Audi: Augmented Reality
Best practice interaction design
In some cases all it takes is some best-practice heuristic rules to improve a product for users
Audi Vision is an augmented reality mobile phone app. The idea was for the app could use the camera phone to recognise Audi assets – such as photos within brochures – and use this image as a trigger to download additional content.
The existing app was functional but not elegant. I organised discussion with the technology provider to understand the capabilities and limitations of their solution – and then re-considered the existing user experience within the app.
I found opportunities for significant streamlining of the user journey and interaction design. Instead of an experience where the user had to use interface elements to select and control their journey, the new solution used the technical capabilities of the image recognition solution to automatically recognise active augmented reality content.
The Audi Vision mobile augmented reality app had existing capabilities which allowed users to use the camera on their mobile device to display supplementary content within Audi brochures when an image trigger within the brochure was recognised.
Audi UK wanted to add additional capabilities to the app so that it could recognise a wide variety of periodically changing augmented reality content within other ‘real world’ assets as well, such as; newspapers, billboards and so on.
At the same time, I raised that there were opportunities for improving the user experience and overall usability of the product – and these were taken into account within the scope of the work.
- Consultant user experience architect: determining technical product limitations
- interaction designer / wireframer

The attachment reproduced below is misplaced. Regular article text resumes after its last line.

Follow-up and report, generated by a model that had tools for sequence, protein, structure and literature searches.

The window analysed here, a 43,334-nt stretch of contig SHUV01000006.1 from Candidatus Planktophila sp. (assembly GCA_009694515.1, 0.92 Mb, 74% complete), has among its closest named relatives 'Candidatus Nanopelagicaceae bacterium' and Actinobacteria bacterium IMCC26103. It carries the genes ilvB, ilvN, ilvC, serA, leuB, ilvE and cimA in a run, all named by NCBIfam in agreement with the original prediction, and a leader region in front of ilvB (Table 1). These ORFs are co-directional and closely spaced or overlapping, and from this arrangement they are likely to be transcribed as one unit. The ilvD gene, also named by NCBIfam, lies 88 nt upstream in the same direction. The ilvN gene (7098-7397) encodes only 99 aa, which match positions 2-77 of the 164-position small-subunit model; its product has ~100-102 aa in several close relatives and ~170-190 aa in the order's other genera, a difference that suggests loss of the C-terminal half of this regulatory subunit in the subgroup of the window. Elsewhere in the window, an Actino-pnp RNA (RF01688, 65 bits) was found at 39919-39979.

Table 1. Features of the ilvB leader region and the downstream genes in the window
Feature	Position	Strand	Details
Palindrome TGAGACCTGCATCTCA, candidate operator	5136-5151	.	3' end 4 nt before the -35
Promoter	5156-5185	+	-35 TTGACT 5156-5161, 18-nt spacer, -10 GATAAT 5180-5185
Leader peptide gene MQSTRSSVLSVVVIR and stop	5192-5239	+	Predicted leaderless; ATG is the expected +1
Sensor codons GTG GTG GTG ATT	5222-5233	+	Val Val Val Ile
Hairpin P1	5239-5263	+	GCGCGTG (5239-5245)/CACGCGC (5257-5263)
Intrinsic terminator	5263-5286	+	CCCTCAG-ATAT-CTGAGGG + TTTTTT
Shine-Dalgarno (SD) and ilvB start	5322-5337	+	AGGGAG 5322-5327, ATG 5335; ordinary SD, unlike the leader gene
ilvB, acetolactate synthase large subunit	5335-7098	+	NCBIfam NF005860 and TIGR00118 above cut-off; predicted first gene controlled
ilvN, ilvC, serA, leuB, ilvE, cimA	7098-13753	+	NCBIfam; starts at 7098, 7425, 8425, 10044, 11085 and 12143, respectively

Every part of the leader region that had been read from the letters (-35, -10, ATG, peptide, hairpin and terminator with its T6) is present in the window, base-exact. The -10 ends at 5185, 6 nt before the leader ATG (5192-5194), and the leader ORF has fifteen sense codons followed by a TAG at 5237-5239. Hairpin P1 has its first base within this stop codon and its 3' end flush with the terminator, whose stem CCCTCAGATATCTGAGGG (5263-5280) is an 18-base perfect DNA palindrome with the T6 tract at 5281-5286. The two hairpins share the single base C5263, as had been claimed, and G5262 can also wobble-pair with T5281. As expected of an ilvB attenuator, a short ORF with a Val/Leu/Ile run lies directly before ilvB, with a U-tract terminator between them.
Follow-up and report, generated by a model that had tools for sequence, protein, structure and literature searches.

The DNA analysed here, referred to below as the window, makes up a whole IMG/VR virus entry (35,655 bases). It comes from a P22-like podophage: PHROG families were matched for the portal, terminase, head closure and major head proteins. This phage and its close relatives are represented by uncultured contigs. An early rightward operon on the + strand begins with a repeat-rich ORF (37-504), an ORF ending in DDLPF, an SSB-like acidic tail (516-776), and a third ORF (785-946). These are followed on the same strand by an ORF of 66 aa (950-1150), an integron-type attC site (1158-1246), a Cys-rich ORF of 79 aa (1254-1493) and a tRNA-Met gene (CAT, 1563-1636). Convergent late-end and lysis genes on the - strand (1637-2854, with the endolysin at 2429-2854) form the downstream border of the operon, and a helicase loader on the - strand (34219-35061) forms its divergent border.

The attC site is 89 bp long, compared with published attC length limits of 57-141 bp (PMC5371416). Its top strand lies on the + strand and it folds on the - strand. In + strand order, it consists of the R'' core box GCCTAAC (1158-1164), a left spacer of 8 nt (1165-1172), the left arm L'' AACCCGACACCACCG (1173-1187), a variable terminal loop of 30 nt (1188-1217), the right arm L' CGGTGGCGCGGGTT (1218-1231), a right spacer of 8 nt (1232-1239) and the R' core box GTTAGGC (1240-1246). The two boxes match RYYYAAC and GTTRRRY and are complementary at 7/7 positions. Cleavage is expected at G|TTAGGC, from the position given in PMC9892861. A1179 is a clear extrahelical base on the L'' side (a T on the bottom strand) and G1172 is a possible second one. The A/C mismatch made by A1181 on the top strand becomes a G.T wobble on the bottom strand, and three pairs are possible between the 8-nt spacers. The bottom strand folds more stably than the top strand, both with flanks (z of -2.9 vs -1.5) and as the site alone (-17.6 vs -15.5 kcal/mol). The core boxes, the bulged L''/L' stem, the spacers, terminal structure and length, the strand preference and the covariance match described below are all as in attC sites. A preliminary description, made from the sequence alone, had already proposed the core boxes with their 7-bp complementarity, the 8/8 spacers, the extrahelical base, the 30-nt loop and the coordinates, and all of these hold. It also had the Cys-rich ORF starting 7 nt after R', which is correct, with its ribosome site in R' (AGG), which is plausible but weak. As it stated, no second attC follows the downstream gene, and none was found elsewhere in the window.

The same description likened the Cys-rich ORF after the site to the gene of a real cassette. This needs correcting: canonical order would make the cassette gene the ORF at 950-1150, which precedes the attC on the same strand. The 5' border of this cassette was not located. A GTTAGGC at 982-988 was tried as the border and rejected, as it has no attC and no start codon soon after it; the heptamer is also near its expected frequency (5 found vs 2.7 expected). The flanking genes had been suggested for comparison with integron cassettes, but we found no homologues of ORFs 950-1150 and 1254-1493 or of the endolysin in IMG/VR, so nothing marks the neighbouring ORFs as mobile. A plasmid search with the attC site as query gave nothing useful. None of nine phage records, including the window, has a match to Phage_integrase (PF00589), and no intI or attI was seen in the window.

The project process
My work commenced by undertaking a review of the new requirements and assessing the user journeys and experiences which were present within the existing product.
After assessment of the scope-of-work, I had a number of in-depth chats with the supplier of the mobile augmented reality image recognition solution, and dug in to understand what the capabilities and limitations of the technology was. The most basic technical issue was that there was a great deal of possible file-size variation within the set of images which would comprise the ‘trigger’ for augmented reality content. Related to this, there were two basic user issues which diminished the overall smoothness of the experience for users:
- users were required to browse a list and manually select the ‘real world’ product which they were viewing so that the trigger image library could be loaded into application memory
- image libraries could be quite large, and were pre-loaded into storage memory upon start-up of the app – regardless of whether or not the user was interested in / or had available all of the possible assets which were enhanced with augmented reality content
I produced new journeys which did away with both of the above situations. In the revised app the local library of trigger images would be diff-checked against a web-dB upon launch of the app, and the user informed that new assets were available for download – asking if they wanted to do this download now, and estimating time. Next, the trigger images were essentially used as content identifiers – so that when users viewed an asset with the enabled image, they would either be driven directly to a download (ie. in the instance that it was a billboard with only one active image trigger), or they would be asked if they wanted to download all of the triggers / content items present within a brochure.
Outcomes / results
Over all, quick guerilla testing of the prototypes indicated that the experience was greatly improved.
A good example of how heuristically led rules – accompanied by a deeper poke around through technical capabilities can help streamline experiences for users.